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NIH Office of the Director (OD)

Office of Research on Women's Health (ORWH)

Eunice Kennedy Shriver National Institute of
Child Health and Human Development (NICHD)

For Immediate Release
Tuesday, May 19, 2009

Dorie Hightower

Robert Bock or Marianne Glass Miller

NIH Podcast Advises Women On How to Achieve a Healthy Pregnancy
Researchers Hope to Reduce the Risk of Preterm Birth

Women can increase their chances for a healthy pregnancy by eating right, exercising, not smoking, and getting early medical care, says a podcast featuring a National Institutes of Health obstetrician who oversees research on pregnancy and birth.

A healthy pregnancy, in turn, may help to reduce the chances of early labor and preterm birth.

The NIHís Office of Research on Womenís Health monthly podcast, "Pinn Point on Womenís Health," provides updates on womenís health research. The podcast is hosted by Vivian W. Pinn, M.D., director of NIHís Office of Research on Womenís Health. This monthís podcast focuses on ways to reduce the risk of giving birth prematurely by getting a pregnancy off to the healthiest start possible.

"Being born too soon poses a number of health risks," Dr. Pinn said. "We all know children who were born prematurely who turn out all right. Others are not so lucky."

Many preterm infants die within the first year of life, Dr. Pinn explained. Others may develop heart problems, blindness, deafness, or severe learning disabilities.

"There are treatments for all of these conditions," Dr. Pinn said. "But itís far easier to do everything possible to carry a pregnancy to term than it is to fix the things that can go wrong when a pregnancy ends too early."

This month, Dr. Pinn interviewed Catherine Y. Spong, M.D., chief of the Pregnancy and Perinatology Branch of the Eunice Kennedy Shriver National Institute of Child Health and Human Development (NICHD). Dr. Spong offered advice on getting a pregnancy off to the best start possible. Preterm birth is not well understood and can occur in apparently healthy women. But adopting good habits and taking care of yourself increases the chances that a pregnancy will be healthy and the chances that it will proceed to term. Dr. Spong described current treatments to reduce the risk of preterm birth in certain categories of at risk women, and provided updates on NIH pregnancy research.

Dr. Spong noted that 1 in 8 pregnancies in the United States ends with a preterm birth. Moreover, the number of preterm births has increased by 16 percent in the past decade.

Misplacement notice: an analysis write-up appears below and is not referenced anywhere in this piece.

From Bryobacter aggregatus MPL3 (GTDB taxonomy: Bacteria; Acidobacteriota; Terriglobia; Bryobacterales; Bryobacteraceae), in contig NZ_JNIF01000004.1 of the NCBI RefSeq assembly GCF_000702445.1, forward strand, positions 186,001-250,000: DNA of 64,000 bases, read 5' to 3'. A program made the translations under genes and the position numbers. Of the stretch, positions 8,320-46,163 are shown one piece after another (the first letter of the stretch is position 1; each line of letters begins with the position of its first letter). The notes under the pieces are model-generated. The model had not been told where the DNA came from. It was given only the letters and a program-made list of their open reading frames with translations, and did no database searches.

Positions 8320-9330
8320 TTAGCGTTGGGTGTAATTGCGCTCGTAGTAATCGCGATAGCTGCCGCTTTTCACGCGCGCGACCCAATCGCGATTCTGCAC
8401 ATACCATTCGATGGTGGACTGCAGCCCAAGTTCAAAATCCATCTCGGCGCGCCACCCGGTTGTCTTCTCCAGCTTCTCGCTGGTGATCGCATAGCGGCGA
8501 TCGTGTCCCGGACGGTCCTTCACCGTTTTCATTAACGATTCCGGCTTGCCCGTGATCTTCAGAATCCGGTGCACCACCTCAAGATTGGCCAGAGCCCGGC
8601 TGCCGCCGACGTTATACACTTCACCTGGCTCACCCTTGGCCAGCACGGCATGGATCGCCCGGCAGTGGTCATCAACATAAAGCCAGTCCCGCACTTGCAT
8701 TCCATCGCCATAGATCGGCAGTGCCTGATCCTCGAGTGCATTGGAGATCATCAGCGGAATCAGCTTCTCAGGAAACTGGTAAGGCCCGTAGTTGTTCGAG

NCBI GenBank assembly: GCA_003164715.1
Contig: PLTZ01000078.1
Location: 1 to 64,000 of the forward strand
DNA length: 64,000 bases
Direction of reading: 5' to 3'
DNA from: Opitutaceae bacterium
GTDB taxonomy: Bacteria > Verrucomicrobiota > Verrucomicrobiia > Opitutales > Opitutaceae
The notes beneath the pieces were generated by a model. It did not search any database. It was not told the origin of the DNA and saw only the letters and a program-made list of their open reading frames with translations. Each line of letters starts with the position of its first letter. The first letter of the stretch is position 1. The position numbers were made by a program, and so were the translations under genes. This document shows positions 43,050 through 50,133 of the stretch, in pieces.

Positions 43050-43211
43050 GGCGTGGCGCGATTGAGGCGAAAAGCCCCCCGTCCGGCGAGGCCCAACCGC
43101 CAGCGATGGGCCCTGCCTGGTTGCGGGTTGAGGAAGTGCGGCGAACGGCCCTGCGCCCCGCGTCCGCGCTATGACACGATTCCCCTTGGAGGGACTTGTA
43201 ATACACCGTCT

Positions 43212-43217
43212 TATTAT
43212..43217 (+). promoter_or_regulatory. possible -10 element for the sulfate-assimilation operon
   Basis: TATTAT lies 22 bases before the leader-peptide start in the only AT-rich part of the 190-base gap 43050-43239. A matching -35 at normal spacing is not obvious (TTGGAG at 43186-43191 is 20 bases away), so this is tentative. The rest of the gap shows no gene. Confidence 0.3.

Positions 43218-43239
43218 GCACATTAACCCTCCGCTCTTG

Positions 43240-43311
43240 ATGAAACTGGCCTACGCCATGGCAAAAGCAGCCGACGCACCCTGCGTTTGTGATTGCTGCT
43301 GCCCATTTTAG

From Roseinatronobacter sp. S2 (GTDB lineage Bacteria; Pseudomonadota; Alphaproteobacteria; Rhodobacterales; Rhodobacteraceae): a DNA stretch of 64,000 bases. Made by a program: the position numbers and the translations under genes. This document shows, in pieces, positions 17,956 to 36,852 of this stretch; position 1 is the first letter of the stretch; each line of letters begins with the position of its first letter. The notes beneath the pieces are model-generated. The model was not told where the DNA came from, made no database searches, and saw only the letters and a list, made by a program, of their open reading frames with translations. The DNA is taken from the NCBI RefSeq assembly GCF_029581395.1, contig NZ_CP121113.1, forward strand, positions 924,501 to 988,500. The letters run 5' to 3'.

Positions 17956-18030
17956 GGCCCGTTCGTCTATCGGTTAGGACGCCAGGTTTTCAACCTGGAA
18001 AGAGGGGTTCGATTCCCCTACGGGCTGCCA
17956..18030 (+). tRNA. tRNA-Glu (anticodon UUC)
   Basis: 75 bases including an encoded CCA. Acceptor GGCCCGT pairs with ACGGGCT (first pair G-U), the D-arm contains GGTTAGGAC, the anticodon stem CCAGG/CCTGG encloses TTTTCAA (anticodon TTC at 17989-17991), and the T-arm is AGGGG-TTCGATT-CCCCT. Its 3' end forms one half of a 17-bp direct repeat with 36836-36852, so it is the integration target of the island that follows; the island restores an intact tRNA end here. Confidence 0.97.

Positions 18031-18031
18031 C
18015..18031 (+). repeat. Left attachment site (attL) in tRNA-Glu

"The best time to start preparing for pregnancy is before that pregnancy even occurs," Dr. Spong said. "About half of all pregnancies, in fact, are unintended. So it is really important for women who could become pregnant to have optimized their health during this time."

Dr. Spong identified eight steps women can take to help ensure healthy pregnancies and healthy babies.

  • Take a supplement containing folic acid, which can be found in prenatal vitamins or eat a breakfast cereal fortified with folic acid and other vitamins. All women of child-bearing age should have 400 micrograms of the vitamin each day. Folic acid reduces the chances that a baby will have a neural tube defect, a class of birth defects that could result in partial paralysis or damage to the babyís brain.

  • Donít drink alcohol. Donít take illicit drugs. Donít smoke. Smoking and taking illicit drugs are not good for you or your baby. Smoking and exposure to smoke increases the risk of preterm birth and for small babies. Drinking alcohol during pregnancy could cause birth defects and medical conditions that include mental retardation, learning deficits along with specific facial characteristics.

  • Eat a varied, healthy diet. Proper nutrition is important for you and the baby. Obesity can complicate pregnancy. Information on proper nutrition during pregnancy is available at http://mypyramid.gov.

  • Exercise regularly and continue your exercise routine during pregnancy

  • Take a vitamin B12 supplement if you eat little or no animal products. Lack of this vitamin can also increase the chances of neural tube defects

  • Make sure your immunizations are up to date. It is best to do this prior to pregnancy because some vaccinations are best given prior to pregnancy

  • Notify your doctor as soon as you know youíre pregnant so you can schedule the best time to be seen

  • Let your doctor know if you have any medical conditions. Ideally, get them under control prior to pregnancy.

A normal pregnancy lasts 40 weeks, Dr. Spong said. Doctors consider delivery before 37 weeks to be preterm. Women who have had previous preterm deliveries are most likely to give birth early.